The creation of Hydrogen Valley, hydrogen corridors and transformation of some industries from conventional gas to hydrogen displays progress.
In our highly demanding society, energy usage has always been a major concern while we have got used to oil, gas, and electricity being part of our everyday lives. ‘Unlimited’ access to energy sources has been taken for granted, and despite concerns about climate change and a willingness to reduce carbon emissions, in truth, the transition from fossil energy to renewable energy has been slow and scattered. Also, many decisions have been made locally with little or no cooperation with other parts of the region, country or unions. As a result, we are now facing a deployment of renewable sources of energies with a lack of global strategy, and perhaps even worse, without real consideration for high-scale energy storage.
In July 2020, the adoption of the EU strategies for energy system integration and hydrogen paved the way toward a fully decarbonized, more efficient and interconnected energy sector with the ambitious goal of making the EU energy-independent and climate-neutral by 2050. Since then, a lot of activity has taken place, but the political situation regarding the war in Ukraine has reshuffled the cards and we now realize how big the gap was between our long-term vision and reality.
Often discussed and seen as something of a curiosity, the interest in hydrogen, especially green hydrogen, has become a central point of interest and many dormant projects have moved toward implementation. The creation of Hydrogen Valley, hydrogen corridors and the transformation of some industries from conventional gas to hydrogen displays significant progress in this area. For sure, this is a major transformation that will require a lot of effort and investment but also, innovation. Many improvements have been made in electrolyzers and fuel cells as well as in network energy management.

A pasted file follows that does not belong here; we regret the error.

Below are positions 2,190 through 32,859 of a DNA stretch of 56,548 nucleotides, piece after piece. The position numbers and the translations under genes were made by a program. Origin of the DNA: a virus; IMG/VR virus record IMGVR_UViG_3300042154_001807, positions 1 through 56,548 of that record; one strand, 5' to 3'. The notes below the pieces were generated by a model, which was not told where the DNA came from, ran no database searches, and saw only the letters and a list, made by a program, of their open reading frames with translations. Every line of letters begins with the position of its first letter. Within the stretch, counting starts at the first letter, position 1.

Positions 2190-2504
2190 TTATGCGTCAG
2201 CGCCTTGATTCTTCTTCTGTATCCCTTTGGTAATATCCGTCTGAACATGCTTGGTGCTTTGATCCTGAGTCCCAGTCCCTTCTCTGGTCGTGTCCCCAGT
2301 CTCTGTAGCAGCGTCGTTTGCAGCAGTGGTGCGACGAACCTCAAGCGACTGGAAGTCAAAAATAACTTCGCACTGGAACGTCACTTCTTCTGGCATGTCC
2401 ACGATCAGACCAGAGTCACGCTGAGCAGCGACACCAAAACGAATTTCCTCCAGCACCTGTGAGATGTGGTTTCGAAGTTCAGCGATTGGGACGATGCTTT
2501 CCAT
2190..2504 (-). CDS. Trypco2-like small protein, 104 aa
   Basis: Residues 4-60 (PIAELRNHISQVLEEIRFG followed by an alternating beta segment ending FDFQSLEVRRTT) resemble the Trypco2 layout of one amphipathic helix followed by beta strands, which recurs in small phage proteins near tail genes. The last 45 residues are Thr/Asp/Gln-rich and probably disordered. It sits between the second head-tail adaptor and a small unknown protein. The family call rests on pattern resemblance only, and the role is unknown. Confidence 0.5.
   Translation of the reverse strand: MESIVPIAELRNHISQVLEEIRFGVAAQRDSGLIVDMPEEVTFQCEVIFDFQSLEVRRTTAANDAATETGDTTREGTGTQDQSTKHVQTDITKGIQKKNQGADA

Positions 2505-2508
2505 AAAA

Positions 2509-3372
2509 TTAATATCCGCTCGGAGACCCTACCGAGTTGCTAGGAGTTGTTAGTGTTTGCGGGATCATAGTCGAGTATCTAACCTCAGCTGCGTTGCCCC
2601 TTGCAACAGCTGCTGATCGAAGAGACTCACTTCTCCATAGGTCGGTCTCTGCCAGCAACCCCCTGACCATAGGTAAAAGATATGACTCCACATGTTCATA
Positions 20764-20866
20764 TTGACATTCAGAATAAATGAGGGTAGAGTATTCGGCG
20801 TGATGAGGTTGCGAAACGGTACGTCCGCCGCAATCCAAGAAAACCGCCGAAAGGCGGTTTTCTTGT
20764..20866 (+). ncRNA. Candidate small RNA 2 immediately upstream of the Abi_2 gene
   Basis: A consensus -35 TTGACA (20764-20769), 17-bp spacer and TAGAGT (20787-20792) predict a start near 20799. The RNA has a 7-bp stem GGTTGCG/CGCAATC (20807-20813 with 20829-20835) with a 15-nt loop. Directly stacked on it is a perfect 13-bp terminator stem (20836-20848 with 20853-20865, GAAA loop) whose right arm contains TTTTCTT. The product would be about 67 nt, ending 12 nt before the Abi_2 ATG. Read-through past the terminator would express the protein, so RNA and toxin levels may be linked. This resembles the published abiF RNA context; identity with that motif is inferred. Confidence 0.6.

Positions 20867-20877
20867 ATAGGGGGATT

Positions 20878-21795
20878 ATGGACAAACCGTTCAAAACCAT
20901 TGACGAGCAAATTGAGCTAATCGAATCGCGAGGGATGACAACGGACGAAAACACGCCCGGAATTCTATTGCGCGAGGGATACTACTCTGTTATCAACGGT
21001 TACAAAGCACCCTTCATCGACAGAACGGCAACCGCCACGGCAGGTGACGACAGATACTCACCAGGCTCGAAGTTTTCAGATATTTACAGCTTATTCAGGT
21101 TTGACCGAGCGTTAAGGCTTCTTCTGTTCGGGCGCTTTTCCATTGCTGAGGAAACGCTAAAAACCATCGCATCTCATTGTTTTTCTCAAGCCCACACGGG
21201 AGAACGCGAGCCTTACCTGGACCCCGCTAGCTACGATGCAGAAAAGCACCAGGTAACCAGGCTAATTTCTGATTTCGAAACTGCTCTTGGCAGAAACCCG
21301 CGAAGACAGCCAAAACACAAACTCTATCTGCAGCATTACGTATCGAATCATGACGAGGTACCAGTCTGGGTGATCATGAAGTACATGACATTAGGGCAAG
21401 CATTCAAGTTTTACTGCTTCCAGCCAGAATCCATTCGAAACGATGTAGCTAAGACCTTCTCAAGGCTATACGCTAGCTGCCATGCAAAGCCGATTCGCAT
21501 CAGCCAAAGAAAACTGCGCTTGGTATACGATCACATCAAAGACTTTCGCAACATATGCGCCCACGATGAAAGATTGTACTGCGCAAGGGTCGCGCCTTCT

There is no ‘miracle cure’ in hydrogen and it should be considered as part of an ecosystem. As previously mentioned, it’s very important to rethink not only how we produce energy but also how we transport and store it. Battery banks are good for local applications but how do you store enough energy to supply cities and industries for hours or even days? We know that converting electricity to hydrogen and then back to electricity is not very efficient; however, it could provide an alternative solution when demand exceeds production or when the network is unable to feed energy to the grid. As well, recent wind droughts have forced countries who, having shut down nuclear plants, now have to restart coal power-generators to compensate for the lack of energy.
Again, there is no magic power to solve the complex equation of reducing CO2 emissions, become energy independent, and sustain healthy society development. When considering alternative energy sources, there is no doubt that nuclear fusion is probably the future, but as we all know, despite huge progress in this area, we are still years away from connecting a fusion generator to the grid. Indeed, it’s a long-standing joke that nuclear fusion power is 30 years away and always will be. Nonetheless recent publications are telling us that we might see micro-fusion generators delivered on promises, way before the massive ITER is turned-on.
As a power electronics engineer and technology freak, I strongly believe in and appreciate the power of science and the energy challenges that we are facing. These provide us with great scope for creativity and inventiveness.
This article was originally published on EDN.
Patrick Le Fèvre is chief marketing and communications officer at Powerbox. He is delivering a keynote titled “The EU Green Deal challenges and opportunities for Hydrogen ecosystem” and is participating in a panel discussion titled “Alternative energy sources and related energy storage technologies” on the third and final day of Green Engineering Summit to be virtually held on 13-15 September 2022.